Sleeping with strangers, part 2

As mentioned in part 1, a huge advantage of arguing only for a discretionary (i.e. non-mandatory) death penalty is that it looks a whole lot more “do-able” given Singapore’s social and political reality than total abolition of capital punishment. It also resonates with an increasing concern among Singaporeans about the lack of checks and balances. A mandatory death sentence in any law leaves the decision in the hands of prosecutors with little role for courts to play.

For some others, including myself, giving judges discretion does not address our chief concern — the use of the death penalty at all.

Don’t get me wrong. I don’t oppose the campaign to replace mandatory death penalties with judicial discretion. Of course not; I hope it goes far. Any progress would be in the right direction even if I think its aims fall short of my convictions.

Now let me come to ‘Total abolition’, a term I used in Part 1, but which is actually a misnomer (I couldn’t come up with a better term that is less than a mouthful) because it is possible for those in this camp to accept the notion of capital punishment in extreme circumstances, therefore it’s not really total. Whether individuals argue for total or near-total however, what defines this camp are two common, but every separate, motivations. They are:

  • The moral question
  • The doubt question

They are separate because it is possible to subscribe to one without subscribing to the other. Let me explain a little more about each:

The moral ladder

Take the moral case: Adherents believe that taking a human life is barbaric and morally wrong. Even so, it is not as absolute as it sounds. People sympathetic to this position can find themselves on different rungs of a ladder:

  • Death penalty is never acceptable.
  • Death penalty is unacceptable except for truly extreme acts such as organising genocide.
  • Death penalty is acceptable only for mass murderers and serial killers.

Arguably there can even be one more (low) rung of the ladder: Death penalty is acceptable only for perpetrators of murder with preplanned intent; not acceptable for those who have not deliberately taken anybody else’s life. However, I think expressing this position indicates that the person doesn’t really subscribe to the same moral perspective as the others.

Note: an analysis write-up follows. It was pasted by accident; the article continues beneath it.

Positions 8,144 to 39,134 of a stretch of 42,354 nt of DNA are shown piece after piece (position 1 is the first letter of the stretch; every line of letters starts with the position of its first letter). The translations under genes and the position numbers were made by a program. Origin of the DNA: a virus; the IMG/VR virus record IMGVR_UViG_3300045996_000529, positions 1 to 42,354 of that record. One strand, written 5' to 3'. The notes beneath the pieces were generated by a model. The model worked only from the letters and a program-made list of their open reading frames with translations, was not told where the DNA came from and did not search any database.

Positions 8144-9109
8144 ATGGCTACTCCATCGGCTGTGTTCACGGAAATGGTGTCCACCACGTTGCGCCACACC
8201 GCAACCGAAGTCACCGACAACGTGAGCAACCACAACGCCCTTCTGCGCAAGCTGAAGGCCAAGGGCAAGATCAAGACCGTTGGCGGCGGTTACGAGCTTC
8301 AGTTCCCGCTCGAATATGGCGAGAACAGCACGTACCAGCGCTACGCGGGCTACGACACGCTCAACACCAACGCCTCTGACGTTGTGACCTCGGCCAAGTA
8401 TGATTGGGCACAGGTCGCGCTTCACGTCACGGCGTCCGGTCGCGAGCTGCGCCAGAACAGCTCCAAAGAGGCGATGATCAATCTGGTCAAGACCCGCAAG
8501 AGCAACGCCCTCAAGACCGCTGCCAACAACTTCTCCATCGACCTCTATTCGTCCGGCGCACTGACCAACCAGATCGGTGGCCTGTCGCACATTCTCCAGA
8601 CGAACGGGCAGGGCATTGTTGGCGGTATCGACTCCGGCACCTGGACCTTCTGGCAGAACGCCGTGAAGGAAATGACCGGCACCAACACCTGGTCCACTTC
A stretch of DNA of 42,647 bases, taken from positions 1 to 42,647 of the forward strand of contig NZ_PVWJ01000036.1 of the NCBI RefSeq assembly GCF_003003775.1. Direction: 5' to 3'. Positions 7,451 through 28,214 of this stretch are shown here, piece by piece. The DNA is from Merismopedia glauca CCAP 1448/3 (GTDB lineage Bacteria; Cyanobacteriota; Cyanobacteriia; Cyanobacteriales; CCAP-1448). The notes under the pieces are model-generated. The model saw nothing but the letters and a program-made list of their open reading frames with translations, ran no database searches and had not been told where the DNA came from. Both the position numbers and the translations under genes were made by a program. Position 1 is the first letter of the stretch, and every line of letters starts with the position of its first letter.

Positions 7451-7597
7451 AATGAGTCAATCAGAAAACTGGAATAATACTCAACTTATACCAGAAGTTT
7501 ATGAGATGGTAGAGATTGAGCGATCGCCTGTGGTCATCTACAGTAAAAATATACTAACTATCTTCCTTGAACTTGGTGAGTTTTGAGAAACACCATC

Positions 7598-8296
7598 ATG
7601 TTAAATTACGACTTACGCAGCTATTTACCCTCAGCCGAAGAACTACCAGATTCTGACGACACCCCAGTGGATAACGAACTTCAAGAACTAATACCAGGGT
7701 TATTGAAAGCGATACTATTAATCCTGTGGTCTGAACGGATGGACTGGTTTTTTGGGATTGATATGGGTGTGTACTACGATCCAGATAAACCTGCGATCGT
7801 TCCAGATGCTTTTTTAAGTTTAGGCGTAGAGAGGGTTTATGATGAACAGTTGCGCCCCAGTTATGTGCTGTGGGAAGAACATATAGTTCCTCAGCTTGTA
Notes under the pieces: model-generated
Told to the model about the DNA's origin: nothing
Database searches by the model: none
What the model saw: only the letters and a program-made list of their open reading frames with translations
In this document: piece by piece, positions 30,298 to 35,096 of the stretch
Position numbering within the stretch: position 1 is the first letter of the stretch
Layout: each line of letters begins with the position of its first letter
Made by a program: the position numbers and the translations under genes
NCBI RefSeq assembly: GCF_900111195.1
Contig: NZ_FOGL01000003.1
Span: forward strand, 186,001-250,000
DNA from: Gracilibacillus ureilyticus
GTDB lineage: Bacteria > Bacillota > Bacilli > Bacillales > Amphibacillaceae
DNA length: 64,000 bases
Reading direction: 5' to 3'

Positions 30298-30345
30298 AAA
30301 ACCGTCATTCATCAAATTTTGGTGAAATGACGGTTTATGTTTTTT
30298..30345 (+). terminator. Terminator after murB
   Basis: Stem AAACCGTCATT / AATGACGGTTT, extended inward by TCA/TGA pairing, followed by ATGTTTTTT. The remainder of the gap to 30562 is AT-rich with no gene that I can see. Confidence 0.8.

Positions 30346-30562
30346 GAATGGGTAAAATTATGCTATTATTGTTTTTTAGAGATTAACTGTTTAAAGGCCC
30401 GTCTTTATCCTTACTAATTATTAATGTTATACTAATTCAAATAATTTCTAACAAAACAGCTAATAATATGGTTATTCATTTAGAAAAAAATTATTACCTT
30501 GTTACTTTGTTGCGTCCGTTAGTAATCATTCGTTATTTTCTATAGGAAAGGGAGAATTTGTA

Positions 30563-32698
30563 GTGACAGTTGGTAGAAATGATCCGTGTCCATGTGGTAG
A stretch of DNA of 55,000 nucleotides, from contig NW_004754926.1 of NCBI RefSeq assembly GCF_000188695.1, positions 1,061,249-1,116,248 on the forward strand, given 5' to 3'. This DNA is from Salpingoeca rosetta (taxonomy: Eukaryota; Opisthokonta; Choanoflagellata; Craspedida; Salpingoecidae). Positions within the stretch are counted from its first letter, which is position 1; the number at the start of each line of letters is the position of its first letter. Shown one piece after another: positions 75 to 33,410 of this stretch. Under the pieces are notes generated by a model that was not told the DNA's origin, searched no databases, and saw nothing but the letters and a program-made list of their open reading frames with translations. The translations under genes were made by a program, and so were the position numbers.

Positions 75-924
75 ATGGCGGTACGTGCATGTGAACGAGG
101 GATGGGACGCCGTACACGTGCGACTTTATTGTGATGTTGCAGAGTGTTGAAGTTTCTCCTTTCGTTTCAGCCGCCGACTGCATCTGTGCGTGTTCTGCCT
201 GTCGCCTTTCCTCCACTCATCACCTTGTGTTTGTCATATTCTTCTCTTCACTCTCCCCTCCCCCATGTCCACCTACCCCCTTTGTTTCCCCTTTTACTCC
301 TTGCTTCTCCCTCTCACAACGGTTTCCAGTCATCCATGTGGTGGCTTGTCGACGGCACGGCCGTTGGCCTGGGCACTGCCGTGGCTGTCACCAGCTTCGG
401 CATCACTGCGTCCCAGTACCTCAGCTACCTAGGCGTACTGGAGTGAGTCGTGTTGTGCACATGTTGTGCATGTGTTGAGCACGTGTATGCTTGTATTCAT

Personally, I subscribe to the top rung, but I am all too aware that in Singapore, few people share this moral point of view.  I don’t think there are many others who would take to any of the other rungs either.

How does one go about changing others’ moral attitudes? I honestly don’t know. As I have explored in an earlier essay, changes in moral values do not come from intellectual arguments, but by a perspectival shift. This tends to be linked to other attitudinal changes, but is surely susceptible to constant repetition and exposure to new realities as well.

Is it impossible to achieve this perspectival shift? Not at all. Look at how environmental consciousness has grown; look at how attitudes to consumption of shark’s fin have changed. Look at attitudes to inter-racial marriages.

With the death penalty it may take a very long time, especially when the government will do everything it can to ingrain the pro-capital punishment attitude. Hence, it may be more effective to look at the other major motivation for abolition, one that is amenable to intellectual arguments:

The burden of doubt

The “doubt question” focusses on the irreducible possibility that conviction may be in error, or mitigating circumstances have not been unearthed at trial. This is especially cogent in Singapore where the executive is so privileged to the extent that it is extremely difficult to monitor the quality of an investigation. Accused persons have no right to counsel when interrogated.  The prosecution does not fully share evidence with defence counsel. And as the cases of Vignes Mourthi and Zainal Kuning have shown, real examples of potential miscarriage of justice are awfully difficult to put out of our minds. There is also the case of Iwuchukwu Amara Tochi, which I will dissect below.